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Asphyxiating thoracic dystrophy

Asphyxiating thoracic dystrophy

Reviewed July 2008

What is asphyxiating thoracic dystrophy?

Asphyxiating thoracic dystrophy, also known as Jeune syndrome, is an inherited disorder of bone growth characterized by a small chest, short ribs, and shortened bones in the arms and legs. Additional skeletal abnormalities can include unusually shaped pelvic bones and extra fingers and/or toes (polydactyly). Infants with this condition are born with an extremely narrow, bell-shaped chest that can restrict the growth and expansion of the lungs. Life-threatening problems with breathing often result, and most people with asphyxiating thoracic dystrophy live only into infancy or early childhood.

Some people with asphyxiating thoracic dystrophy experience only mild breathing difficulties, such as rapid breathing or shortness of breath. These individuals may live into adolescence or adulthood. After infancy, people with this condition often develop life-threatening kidney (renal) abnormalities that cause the kidneys to malfunction or fail. Heart defects and a narrowing of the airway (subglottic stenosis) are also possible. Other, less common features of asphyxiating thoracic dystrophy include liver disease, pancreatic cysts, dental abnormalities, and an eye disease called retinal dystrophy that can lead to vision loss.

How common is asphyxiating thoracic dystrophy?

Asphyxiating thoracic dystrophy has an estimated incidence of 1 in 100,000 to 130,000 people.

What genes are related to asphyxiating thoracic dystrophy?

Mutations in the IFT80 gene have been found in several families with asphyxiating thoracic dystrophy. The IFT80 gene provides instructions for making a protein that is found in cell structures called cilia. Cilia are microscopic, finger-like projections that stick out from the surface of cells. They are involved in cell movement and many different chemical signaling pathways. Cilia also play an important role in the perception of sensory input (such as sight, hearing, and smell). Although mutations in the IFT80 gene disrupt the normal development and maintenance of cilia, it is unclear how these mutations lead to skeletal abnormalities, kidney problems, and the other features of asphyxiating thoracic dystrophy.

In many cases, the cause of asphyxiating thoracic dystrophy is unknown. Mutations in an unidentified gene on chromosome 15 may account for the condition in some families. Researchers are working to locate other genes that also may be associated with this condition.

Read more about the IFT80 gene.

How do people inherit asphyxiating thoracic dystrophy?

This condition is inherited in an autosomal recessive pattern, which means both copies of the gene in each cell have mutations. The parents of an individual with an autosomal recessive condition each carry one copy of the mutated gene, but they typically do not show signs and symptoms of the condition.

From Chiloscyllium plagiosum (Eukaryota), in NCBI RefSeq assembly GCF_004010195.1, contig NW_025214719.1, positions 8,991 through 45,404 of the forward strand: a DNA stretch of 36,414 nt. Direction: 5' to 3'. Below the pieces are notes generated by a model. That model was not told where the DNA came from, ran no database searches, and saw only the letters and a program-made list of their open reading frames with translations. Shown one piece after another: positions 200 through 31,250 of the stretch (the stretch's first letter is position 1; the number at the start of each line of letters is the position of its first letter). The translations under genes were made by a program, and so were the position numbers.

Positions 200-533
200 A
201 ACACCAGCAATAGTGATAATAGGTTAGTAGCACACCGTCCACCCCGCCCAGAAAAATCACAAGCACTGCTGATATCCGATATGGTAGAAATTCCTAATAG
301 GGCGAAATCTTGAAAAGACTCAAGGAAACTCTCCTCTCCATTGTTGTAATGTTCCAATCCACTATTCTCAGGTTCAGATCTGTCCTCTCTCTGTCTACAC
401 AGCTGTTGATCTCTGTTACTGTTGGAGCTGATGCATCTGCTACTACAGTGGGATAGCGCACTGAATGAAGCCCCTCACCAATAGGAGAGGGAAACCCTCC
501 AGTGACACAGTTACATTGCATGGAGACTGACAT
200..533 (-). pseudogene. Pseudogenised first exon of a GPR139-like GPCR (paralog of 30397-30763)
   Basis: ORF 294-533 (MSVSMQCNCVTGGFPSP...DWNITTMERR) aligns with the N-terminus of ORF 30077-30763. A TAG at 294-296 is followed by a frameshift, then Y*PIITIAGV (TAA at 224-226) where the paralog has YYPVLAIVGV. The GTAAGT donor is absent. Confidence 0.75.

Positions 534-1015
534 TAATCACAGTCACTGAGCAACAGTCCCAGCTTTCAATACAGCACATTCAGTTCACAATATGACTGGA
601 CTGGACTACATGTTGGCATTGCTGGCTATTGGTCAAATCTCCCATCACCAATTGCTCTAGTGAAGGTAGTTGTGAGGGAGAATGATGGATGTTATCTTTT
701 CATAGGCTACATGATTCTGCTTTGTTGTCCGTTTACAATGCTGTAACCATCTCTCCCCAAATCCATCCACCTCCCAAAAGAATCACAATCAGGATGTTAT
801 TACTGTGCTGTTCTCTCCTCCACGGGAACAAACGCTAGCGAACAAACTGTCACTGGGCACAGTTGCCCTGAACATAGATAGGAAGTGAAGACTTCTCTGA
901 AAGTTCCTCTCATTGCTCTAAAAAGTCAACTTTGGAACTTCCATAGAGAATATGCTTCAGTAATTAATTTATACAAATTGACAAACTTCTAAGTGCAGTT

Where can I find information about diagnosis or management of asphyxiating thoracic dystrophy?

These resources address the diagnosis or management of asphyxiating thoracic dystrophy and may include treatment providers.

You might also find information on the diagnosis or management of asphyxiating thoracic dystrophy in Educational resources and Patient support.

General information about the diagnosis and management of genetic conditions is available in the Handbook. Read more about genetic testing, particularly the difference between clinical tests and research tests.

To locate a healthcare provider, see How can I find a genetics professional in my area? in the Handbook.

Where can I find additional information about asphyxiating thoracic dystrophy?

You may find the following resources about asphyxiating thoracic dystrophy helpful. These materials are written for the general public.

You may also be interested in these resources, which are designed for healthcare professionals and researchers.

What other names do people use for asphyxiating thoracic dystrophy?

  • asphyxiating thoracic chondrodystrophy
  • Asphyxiating thoracic dysplasia
  • asphyxiating thoracic dystrophy (ATD)
  • chondroectodermal dysplasia-like syndrome
  • infantile thoracic dystrophy
  • Jeune syndrome
  • Jeune thoracic dysplasia
  • Jeune thoracic dystrophy
  • thoracic asphyxiant dystrophy

For more information about naming genetic conditions, see the Genetics Home Reference Condition Naming Guidelines and How are genetic conditions and genes named? in the Handbook.

What if I still have specific questions about asphyxiating thoracic dystrophy?

Where can I find general information about genetic conditions?

What glossary definitions help with understanding asphyxiating thoracic dystrophy?

autosomal ; autosomal recessive ; cell ; chromosome ; cysts ; dysplasia ; gene ; incidence ; inherited ; kidney ; pancreatic ; perception ; polydactyly ; protein ; recessive ; renal ; stenosis ; syndrome

You may find definitions for these and many other terms in the Genetics Home Reference Glossary.

See also Understanding Medical Terminology.

References (6 links)

 

The resources on this site should not be used as a substitute for professional medical care or advice. Users seeking information about a personal genetic disease, syndrome, or condition should consult with a qualified healthcare professional. See How can I find a genetics professional in my area? in the Handbook.

 
Reviewed: July 2008
Published: November 17, 2014